COVID-19 shopping list: Canned foods, toilet paper, contraceptives

COVID-19 shopping list: Canned foods, toilet paper, contraceptives

Contributed by Dianne Thomas, director - communications and public relations, National Family Planning Board

Monday, April 06, 2020

Print this page Email A Friend!

THE subject of the latest virus, COVID-19, has dominated our collective thoughts and conversations. While many welcome the time off from work and the opportunity to tackle the office assignments from the comfort of home, others are bored as hell. Let's face it, it's not as though we got advanced notice to prepare ourselves sufficiently.

But even as the work from home order seems idyllic, there are drawbacks. Schools are out so the children are also working from home and you have to play teacher. Other adults may have been among those ordered to stay home, so that means more activity around you. If you stop to think of it, many are lamenting that they have already busted their budgets and have very little savings from their last paycheque. If there was no other month that loan companies were receiving requests for salary advances, March was the month! What with purchase of extra food, toilet tissue and sanitisers being elevated to the top three on the shopping list, we have been spending what we don't have.

Many of us got caught up in panic buying. But in your panicking did you remember to stock up on that one item that can impact your life forever, your contraceptives? In the harried preparations for a quarantine or worse for a lock down, contraceptives need to figure high on the list of 'must-haves'. In reality, we have no idea how long we'll have to be living this new way of life, so we must ensure that we have our preferred method. The variety extends from short-term (pills, condoms, injectables) to longer-term methods including the intrauterine contraceptive device, the implant, vasectomy and tubal ligation.

Luckily, health clinics operated by the Government are still open to the public and the contraceptives are accessible. Clinicians will take the time to help those who are deciding on a method and find the right one that suits their lifestyle.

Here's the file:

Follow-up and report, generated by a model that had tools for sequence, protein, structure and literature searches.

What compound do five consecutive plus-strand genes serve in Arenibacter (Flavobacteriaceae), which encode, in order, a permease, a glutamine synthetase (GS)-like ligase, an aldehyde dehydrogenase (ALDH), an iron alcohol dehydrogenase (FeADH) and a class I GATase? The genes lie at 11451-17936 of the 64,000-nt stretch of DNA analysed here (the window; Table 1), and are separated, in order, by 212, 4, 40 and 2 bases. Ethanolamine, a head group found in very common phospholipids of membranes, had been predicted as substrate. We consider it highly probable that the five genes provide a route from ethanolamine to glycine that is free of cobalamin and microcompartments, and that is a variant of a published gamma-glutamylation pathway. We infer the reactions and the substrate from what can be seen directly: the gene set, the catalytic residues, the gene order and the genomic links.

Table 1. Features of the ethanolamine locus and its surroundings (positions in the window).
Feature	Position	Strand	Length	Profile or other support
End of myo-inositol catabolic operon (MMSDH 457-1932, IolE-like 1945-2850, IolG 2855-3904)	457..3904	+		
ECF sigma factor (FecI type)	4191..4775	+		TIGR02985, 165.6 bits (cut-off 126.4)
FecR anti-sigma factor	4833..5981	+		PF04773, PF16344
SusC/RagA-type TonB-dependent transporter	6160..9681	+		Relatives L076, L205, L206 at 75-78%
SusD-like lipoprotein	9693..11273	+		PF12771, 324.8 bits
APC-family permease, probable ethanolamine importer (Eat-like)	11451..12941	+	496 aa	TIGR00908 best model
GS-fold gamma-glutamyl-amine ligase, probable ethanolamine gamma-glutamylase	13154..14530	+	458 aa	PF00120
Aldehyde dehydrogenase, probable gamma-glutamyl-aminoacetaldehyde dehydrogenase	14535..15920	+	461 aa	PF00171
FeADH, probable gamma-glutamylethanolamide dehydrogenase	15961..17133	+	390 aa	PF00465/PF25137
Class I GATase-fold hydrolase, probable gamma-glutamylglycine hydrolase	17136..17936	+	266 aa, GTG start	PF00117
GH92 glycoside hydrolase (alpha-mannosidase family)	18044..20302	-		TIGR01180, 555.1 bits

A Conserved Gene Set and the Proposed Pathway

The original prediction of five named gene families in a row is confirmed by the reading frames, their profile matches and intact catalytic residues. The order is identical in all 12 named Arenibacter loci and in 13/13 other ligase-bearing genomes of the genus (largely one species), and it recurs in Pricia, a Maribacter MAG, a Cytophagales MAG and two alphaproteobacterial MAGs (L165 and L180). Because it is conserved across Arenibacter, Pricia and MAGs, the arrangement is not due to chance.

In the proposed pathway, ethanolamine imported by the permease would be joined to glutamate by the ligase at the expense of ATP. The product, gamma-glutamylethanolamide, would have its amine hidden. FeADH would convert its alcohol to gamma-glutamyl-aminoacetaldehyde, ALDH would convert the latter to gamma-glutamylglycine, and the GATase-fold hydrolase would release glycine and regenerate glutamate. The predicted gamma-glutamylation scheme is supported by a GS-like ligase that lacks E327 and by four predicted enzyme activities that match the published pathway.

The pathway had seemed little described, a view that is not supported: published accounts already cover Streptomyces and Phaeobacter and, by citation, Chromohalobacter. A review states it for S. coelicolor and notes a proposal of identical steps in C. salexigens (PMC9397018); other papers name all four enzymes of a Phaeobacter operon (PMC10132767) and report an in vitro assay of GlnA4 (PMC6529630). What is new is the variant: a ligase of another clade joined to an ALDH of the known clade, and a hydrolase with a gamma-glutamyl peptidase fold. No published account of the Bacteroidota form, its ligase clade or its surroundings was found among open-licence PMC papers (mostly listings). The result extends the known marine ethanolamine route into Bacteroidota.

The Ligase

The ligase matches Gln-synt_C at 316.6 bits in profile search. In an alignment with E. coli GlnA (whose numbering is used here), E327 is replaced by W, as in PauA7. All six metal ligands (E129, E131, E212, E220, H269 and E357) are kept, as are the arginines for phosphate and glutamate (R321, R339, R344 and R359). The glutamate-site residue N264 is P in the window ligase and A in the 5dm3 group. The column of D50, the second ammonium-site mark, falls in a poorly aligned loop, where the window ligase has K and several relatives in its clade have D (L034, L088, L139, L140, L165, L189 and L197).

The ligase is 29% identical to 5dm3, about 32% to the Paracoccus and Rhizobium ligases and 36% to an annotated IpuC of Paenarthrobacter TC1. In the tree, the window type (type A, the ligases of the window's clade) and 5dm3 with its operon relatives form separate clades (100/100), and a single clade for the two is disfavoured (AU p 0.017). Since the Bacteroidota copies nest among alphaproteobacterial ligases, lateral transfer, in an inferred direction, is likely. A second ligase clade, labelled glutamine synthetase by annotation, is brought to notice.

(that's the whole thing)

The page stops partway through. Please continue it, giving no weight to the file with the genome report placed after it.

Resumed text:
It is a fact that in times of disasters there is increased activity as people are confined to their homes or have very little freedom to move around. With the confinement comes increased engagement in sex. Why? Among other things, sex relaxes partners, brings you closer to your partner, helps people pass the time, and increases self-confidence. However, many liaisons of this type end in an unwanted or an unplanned pregnancy.

Now where is that shopping list?

Now you can read the Jamaica Observer ePaper anytime, anywhere. The Jamaica Observer ePaper is available to you at home or at work, and is the same edition as the printed copy available at




1. We welcome reader comments on the top stories of the day. Some comments may be republished on the website or in the newspaper � email addresses will not be published.

2. Please understand that comments are moderated and it is not always possible to publish all that have been submitted. We will, however, try to publish comments that are representative of all received.

3. We ask that comments are civil and free of libellous or hateful material. Also please stick to the topic under discussion.

4. Please do not write in block capitals since this makes your comment hard to read.

5. Please don't use the comments to advertise. However, our advertising department can be more than accommodating if emailed:

6. If readers wish to report offensive comments, suggest a correction or share a story then please email:

7. Lastly, read our Terms and Conditions and Privacy Policy

comments powered by Disqus



Today's Cartoon

Click image to view full size editorial cartoon